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Figuring Out the Polish Software Developer

31.01.2018

Software Mind

A Non-Obvious Guide to Software Development Outsourcing

Every time someone considers offshore software development as a serious alternative, they take a look at possible destinations, waging factors such as rates, time zones or development quality against one another. It needs to be done. But there are many more factors adding to your next outsourced project’s success. Some of them are not easy to measure and are thus underestimated by decision makers. Let’s talk about cultural differences that impact software development from the perspective we know best – the Polish software developer.

Before we get to the nitty-gritty of what being a Polish software developer really means, we owe you an explanation.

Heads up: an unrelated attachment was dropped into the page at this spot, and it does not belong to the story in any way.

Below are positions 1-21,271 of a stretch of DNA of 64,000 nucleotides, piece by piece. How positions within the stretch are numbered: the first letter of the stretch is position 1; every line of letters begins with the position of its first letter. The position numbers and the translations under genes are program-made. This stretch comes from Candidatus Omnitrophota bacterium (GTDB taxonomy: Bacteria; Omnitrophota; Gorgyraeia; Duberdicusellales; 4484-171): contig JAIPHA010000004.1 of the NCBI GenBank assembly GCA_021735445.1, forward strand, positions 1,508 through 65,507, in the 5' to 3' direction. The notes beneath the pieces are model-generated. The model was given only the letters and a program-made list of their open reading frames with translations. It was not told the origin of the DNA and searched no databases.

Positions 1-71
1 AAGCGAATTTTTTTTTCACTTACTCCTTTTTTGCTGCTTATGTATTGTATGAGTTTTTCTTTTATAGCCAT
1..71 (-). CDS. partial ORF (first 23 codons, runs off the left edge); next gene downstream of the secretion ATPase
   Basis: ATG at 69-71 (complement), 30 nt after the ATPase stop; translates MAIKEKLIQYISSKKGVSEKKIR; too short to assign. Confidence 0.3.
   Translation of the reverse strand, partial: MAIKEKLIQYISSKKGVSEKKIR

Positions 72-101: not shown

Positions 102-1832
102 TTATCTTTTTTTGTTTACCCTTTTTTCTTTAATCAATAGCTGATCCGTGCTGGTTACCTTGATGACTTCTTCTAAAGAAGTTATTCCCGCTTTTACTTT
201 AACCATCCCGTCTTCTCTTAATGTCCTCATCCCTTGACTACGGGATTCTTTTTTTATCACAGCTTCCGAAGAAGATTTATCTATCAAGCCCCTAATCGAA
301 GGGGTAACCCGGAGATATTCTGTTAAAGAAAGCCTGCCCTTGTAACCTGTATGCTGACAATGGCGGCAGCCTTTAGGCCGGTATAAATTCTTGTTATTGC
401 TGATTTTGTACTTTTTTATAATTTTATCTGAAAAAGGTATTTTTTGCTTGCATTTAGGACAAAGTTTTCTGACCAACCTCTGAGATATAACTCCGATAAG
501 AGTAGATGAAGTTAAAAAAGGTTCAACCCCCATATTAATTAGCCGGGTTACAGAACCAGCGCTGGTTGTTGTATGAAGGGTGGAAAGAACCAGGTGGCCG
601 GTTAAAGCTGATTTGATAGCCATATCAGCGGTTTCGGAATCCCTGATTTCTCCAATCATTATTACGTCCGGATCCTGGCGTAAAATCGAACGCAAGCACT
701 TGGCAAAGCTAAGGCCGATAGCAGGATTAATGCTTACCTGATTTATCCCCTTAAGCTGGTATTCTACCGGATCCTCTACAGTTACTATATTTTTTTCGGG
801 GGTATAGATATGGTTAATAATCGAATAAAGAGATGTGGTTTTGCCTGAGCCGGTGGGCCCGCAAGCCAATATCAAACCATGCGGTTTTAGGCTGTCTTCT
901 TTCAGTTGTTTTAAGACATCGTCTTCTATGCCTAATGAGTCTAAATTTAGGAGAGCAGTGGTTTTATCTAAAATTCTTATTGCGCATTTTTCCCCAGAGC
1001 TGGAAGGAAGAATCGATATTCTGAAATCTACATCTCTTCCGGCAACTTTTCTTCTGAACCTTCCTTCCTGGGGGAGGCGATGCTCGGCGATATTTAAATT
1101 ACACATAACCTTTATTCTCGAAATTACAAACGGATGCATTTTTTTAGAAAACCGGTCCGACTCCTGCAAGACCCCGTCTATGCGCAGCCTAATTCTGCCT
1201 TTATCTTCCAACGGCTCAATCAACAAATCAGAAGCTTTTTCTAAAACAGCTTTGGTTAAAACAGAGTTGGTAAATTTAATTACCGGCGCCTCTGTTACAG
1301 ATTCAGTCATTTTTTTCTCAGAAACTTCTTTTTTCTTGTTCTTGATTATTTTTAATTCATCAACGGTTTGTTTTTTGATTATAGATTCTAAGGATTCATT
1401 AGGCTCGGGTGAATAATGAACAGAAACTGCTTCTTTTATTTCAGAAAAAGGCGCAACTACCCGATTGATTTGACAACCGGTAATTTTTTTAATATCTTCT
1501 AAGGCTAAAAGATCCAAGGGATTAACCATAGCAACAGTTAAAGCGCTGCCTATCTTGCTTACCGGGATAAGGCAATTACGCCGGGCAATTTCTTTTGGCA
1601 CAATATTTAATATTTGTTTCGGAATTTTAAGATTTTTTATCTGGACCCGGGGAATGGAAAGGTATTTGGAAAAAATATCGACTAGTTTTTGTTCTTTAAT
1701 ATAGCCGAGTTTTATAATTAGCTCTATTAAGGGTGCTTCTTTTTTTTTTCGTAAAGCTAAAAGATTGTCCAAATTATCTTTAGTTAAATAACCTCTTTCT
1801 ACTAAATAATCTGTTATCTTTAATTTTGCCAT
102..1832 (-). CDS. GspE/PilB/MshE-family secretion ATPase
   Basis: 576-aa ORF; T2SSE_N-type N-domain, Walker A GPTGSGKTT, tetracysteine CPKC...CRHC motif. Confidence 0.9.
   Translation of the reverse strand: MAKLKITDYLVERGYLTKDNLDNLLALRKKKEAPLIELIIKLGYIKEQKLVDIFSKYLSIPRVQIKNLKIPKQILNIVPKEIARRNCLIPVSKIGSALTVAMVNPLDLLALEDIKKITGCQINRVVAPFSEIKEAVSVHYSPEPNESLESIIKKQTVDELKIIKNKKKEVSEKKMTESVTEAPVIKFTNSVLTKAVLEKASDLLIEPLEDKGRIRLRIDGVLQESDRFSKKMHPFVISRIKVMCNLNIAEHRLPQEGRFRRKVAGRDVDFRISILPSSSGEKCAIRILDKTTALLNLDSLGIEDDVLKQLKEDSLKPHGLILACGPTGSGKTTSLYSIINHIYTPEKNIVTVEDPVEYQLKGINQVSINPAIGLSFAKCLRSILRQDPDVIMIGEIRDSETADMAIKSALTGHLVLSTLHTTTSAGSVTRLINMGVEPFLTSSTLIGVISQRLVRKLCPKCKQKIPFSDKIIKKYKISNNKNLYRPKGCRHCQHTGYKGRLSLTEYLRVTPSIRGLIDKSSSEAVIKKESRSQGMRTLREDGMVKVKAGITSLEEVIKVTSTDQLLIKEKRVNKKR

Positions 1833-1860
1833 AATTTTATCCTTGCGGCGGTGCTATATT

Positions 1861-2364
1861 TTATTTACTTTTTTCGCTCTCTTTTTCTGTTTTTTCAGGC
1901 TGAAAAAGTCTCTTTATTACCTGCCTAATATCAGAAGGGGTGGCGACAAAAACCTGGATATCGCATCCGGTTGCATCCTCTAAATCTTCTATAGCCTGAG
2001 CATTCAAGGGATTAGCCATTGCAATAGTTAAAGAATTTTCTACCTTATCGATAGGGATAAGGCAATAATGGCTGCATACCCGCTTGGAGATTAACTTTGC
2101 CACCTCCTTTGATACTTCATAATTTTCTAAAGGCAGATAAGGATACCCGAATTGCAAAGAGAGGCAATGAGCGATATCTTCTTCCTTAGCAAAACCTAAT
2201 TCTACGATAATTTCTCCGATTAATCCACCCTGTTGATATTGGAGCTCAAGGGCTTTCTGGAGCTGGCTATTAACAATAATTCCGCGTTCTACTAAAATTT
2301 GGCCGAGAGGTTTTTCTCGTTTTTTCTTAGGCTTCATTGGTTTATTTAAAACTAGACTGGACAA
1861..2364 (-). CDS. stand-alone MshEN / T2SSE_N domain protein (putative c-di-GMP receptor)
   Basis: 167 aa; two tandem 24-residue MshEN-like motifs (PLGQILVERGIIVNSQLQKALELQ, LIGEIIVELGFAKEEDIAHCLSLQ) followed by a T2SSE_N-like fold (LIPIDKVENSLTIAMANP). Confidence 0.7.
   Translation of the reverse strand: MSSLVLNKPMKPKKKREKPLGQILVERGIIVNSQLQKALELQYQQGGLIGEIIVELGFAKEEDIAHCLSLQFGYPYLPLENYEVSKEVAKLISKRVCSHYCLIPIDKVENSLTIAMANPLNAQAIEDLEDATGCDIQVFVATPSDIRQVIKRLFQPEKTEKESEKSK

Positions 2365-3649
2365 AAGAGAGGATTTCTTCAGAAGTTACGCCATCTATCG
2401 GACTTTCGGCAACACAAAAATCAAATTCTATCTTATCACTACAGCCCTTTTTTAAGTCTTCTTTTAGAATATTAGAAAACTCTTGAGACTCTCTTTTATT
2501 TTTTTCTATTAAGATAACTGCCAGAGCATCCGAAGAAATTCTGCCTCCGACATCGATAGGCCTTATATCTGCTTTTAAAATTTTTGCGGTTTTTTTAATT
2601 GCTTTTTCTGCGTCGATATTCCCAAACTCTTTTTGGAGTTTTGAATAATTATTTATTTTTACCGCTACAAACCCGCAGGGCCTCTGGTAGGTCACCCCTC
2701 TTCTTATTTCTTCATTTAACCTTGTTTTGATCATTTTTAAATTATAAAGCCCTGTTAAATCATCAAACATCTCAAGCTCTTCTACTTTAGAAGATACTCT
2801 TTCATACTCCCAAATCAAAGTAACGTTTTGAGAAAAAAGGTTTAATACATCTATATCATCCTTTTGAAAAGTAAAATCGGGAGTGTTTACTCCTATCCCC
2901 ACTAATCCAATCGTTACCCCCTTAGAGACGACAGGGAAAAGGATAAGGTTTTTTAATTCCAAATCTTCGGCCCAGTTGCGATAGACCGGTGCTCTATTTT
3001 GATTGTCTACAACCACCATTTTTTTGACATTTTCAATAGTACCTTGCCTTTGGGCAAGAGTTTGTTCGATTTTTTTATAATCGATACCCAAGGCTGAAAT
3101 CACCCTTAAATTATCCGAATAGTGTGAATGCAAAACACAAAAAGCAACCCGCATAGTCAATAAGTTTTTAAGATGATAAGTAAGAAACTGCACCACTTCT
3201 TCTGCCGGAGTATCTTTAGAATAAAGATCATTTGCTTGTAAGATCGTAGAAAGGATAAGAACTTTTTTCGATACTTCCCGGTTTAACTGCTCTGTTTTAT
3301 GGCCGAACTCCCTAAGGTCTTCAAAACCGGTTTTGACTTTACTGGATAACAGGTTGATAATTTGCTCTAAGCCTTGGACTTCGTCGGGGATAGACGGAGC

On many occasions, we talked about the importance of determining the real value for money in software development. It is crucial to truly use software outsourcing to your advantage. But by focusing on this so much, we may have unintentionally turned your attention away from other, more subtle factors that may make or break your outsourcing project. Today, we want to make up for it by giving you some insight into cultural differences through the eyes of the Polish software developer – an entity that we, as a leading Polish software house, know quite well. We will draw on both our years of practical experience and theoretical knowledge.

Polish software developers - stereotypes vs reality